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Triumph TR6 - No Reverse

It happened once before, and happened again. I can't put in reverse.
First time I pushd it out and drove around a bit,then it was OK. This time I pushed it back a little bit, put in first, then I finally could put it in reverse.
It happened once in a while I miss the reverse, but I can always able to put it back in. And never have trouble in first gear.
Can anyone explain this?
Paddy Kan

Have you tried pumping your clutch pedal several times in quick succession - then try it nicely into reverse ?

Reverse gear is non-synchromesh. Try the pumping above, then slip the grar stick into the gate for 2nd gear quickly, then quickly out again and over into reverse.

It should work easier. If not, it has to be something inside that is worn.

Don Elliott, Original Owner 1958 TR3A
Don Elliott

I have also found that going into something like second or third with the clutch depressed, then going to reverse while the clutch is still depressed can be of help(yea, yea, I can hear the jokes now. "My clutch's mood ring, it's turning black. It's so depressed").

I can't tell you haw many times I have been in a TR convoy and there is always at least one TR2 to TR3A owner who is ahead or behind me in traffic and he grinds away in 1st gear trying to get it into 1st (we early TR owners don't have synchomesh in 1st gear).

So I shout to the TR2 to TR3A owners in the convoy to try 2nd gear - then quickly into 1st as both Steve and I have mentioned above and VOILA as we say up here in French Canada (Eureka to you) - IT WORKS !

WOW - They are astounded at how easy it is that way.

It will also be even harder if your idle is set too high. So I suggest to Paddy to tuck his right toe under the gas pedal, pull up on the pedal and down the revs and shifting into reverse using all 3 suggestions above should make you say EUREKA !

Don Elliott - 1958 TR3A
Don Elliott

I am currently getting my trans rebuilt ('72 Od) and a mechanic friend told me the proper way to engage reverse on our boxes. He says to grab second (as stated by Obi Wan Elliot) and then when in neutral he also says there is another lockout that you need to lift the lever straight up in the neutral gate then hard right to the passenger seat and back. I never had a problem engaging mine as per DE's instructions but it is amazing how smooth it is when you follow this technique even in a box with loose metal drifting around. Can anyone out there bear this out as factory recomended or is my mech. not correct.
Best regards, Keith
Keith Dixon

i recall the p.o. of my 70 tr6 telling me the same thing,can't remember if it states this in the owners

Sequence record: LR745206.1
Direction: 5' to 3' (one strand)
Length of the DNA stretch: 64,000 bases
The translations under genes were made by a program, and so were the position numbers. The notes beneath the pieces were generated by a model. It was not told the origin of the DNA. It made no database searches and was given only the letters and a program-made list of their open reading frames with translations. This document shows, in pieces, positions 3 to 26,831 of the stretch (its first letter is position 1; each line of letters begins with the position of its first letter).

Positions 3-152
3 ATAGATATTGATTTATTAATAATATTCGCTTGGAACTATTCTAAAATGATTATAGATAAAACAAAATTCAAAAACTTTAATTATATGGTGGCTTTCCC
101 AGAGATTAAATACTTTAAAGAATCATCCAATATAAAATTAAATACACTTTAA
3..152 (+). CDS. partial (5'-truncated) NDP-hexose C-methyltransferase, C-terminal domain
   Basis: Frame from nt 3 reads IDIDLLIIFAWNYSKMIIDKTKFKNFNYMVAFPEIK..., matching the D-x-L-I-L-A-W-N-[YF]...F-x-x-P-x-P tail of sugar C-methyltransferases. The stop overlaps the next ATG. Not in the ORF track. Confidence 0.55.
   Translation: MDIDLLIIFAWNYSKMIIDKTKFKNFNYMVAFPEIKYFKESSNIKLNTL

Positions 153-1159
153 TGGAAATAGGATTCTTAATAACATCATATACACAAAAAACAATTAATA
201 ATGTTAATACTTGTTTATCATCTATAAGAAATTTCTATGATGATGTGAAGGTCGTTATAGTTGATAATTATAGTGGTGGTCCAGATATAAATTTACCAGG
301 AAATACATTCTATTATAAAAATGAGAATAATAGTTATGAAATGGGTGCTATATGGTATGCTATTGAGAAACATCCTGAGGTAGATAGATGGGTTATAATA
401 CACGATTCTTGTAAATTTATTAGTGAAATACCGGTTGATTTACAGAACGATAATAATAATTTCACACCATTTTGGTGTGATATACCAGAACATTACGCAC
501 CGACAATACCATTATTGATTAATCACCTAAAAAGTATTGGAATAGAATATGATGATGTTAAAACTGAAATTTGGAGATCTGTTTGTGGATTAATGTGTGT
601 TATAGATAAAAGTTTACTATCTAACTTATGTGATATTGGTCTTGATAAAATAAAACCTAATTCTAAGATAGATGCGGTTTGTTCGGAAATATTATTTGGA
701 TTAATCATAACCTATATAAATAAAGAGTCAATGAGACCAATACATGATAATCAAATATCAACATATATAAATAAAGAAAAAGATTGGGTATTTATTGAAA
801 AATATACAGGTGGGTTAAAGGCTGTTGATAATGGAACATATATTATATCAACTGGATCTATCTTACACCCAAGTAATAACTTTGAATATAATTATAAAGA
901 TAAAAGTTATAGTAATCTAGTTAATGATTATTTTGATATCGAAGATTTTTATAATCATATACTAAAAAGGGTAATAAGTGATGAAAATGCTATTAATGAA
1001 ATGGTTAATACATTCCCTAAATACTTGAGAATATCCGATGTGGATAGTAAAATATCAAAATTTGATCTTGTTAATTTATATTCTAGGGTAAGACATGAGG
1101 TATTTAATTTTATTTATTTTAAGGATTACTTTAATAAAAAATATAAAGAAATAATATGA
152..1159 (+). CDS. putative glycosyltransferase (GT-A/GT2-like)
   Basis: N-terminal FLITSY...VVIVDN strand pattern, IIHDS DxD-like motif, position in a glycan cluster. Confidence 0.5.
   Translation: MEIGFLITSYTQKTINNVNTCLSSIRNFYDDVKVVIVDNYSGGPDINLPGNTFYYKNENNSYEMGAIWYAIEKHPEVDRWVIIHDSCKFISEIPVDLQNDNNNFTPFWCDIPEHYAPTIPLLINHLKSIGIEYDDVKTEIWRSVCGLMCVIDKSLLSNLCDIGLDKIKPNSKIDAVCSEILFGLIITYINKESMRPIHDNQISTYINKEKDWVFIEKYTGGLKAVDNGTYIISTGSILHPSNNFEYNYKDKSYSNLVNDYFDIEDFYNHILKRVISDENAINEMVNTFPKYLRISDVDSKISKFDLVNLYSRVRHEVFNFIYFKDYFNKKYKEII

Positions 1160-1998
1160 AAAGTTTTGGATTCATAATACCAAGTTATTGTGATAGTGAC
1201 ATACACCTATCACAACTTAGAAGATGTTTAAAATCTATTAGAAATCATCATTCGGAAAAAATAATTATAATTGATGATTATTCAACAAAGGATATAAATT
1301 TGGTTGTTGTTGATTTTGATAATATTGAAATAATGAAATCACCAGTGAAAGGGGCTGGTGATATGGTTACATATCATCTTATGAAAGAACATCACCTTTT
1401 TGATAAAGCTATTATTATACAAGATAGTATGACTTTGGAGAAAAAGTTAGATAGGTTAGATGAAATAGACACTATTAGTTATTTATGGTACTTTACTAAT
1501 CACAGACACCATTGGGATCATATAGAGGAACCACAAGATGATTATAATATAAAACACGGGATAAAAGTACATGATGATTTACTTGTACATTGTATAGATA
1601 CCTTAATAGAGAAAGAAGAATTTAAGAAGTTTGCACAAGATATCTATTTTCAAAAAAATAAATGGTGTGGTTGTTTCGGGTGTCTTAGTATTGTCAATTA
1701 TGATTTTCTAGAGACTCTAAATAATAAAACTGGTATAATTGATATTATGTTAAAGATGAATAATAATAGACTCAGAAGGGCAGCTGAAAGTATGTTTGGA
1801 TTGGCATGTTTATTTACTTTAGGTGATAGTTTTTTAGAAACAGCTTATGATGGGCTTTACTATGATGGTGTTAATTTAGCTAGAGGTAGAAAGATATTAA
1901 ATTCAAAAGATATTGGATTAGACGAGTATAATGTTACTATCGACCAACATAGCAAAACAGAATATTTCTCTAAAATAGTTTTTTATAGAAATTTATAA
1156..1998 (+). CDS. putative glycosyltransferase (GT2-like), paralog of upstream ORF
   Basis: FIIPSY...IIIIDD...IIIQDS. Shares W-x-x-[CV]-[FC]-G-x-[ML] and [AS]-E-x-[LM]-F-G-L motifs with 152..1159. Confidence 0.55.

Once or twice a year I have to double pump the clutch to go into reverse..otherwise it slides right in. I just tried your method this aft and it did seem smoother and positive, I believe there is some truth to what you were told.
Charlie Ballard

Non-sychro first, yea, that's how I lerned the trick. Learned to drive in and had as my first car a 1964 MGB. The last of the the three main engines, but still four years away from negative earth and an all syncro box. Nice little car, wish I still had it, but parents forced its departure after several tickets had been collected. Then there's the MGA Twin Cam FHC that I found at a Note Lot on Ross Avenue that they wouldn't let me buy, but that's another story.......

Keith - I never saw it as a factory suggestion or recomendation. I never saw it written down in any TR book.

But this is the way I did it since 1958 and it's just automatic for me. I fact when I was in Virginia in June this summer at the TR races at Virginia Int'l Raceway, I went on the track for several "parade" laps and had a blast. It was here that my gearbox took 2nd and 3rd gear away from me. After this when I would start and then try to put it into 1st (as I automatically do by going into 2nd, then into first) and I couldn't get it into 2nd because it was broken, it made me realise how automatic it had become for me to do this before slipping it into 1st gear.

BTW I had the gearbox re-built in Richmond and drove it another 2300 miles before I got home.

Don Elliott, 1958 TR3A
Don Elliott

If any of this isn't clear to you 4 synchro guys, this method stops the gears from turning when it's in a gear. The clutch isn't releasing totally, so when it's in neutral and the clutch is either in or out, the gears are turning. The synchros take up the slack when you put it in gear, but reverse has no synchro. Hope this isn't insultingly simple.

When I had clutch trouble, it was because the clutch travel wasn't enough to disengage. You can easily measure this to verify/rule it out. Follow the line from the master cylinder down to the slave. When you step on the clutch, it moves the piston on the slave. If it moves less than a half inch, a hydraulic probem likely to be the culprit. You can do this measurement without even jacking up the car, just be sure to have the BRAKE ON and do it on a level surface (for safety-the measurement won't change.) Just lie down and reach in behind the left front wheel with a flashlight and ruler.

In my case, I bled the clutch--not enough. Then I replaced the plastic tube and voila! got up to 5/8 travel. Works great in all gears, with no special shifting skills needed.

Also, the slave piston connects to the clutch using one of three holes, and the middle one is the 'right' one. I moved mine to the top hole to get a little more movement. I'm not sure I should have, but its working.

Mark Hauser

It happen again today. So I double pumped the clutch, slipped into 2nd then into reverse. NO PROBLEM,
Thank you, Don,
and thank you all.
Paddy Kan

This thread was discussed between 14/08/2004 and 20/08/2004

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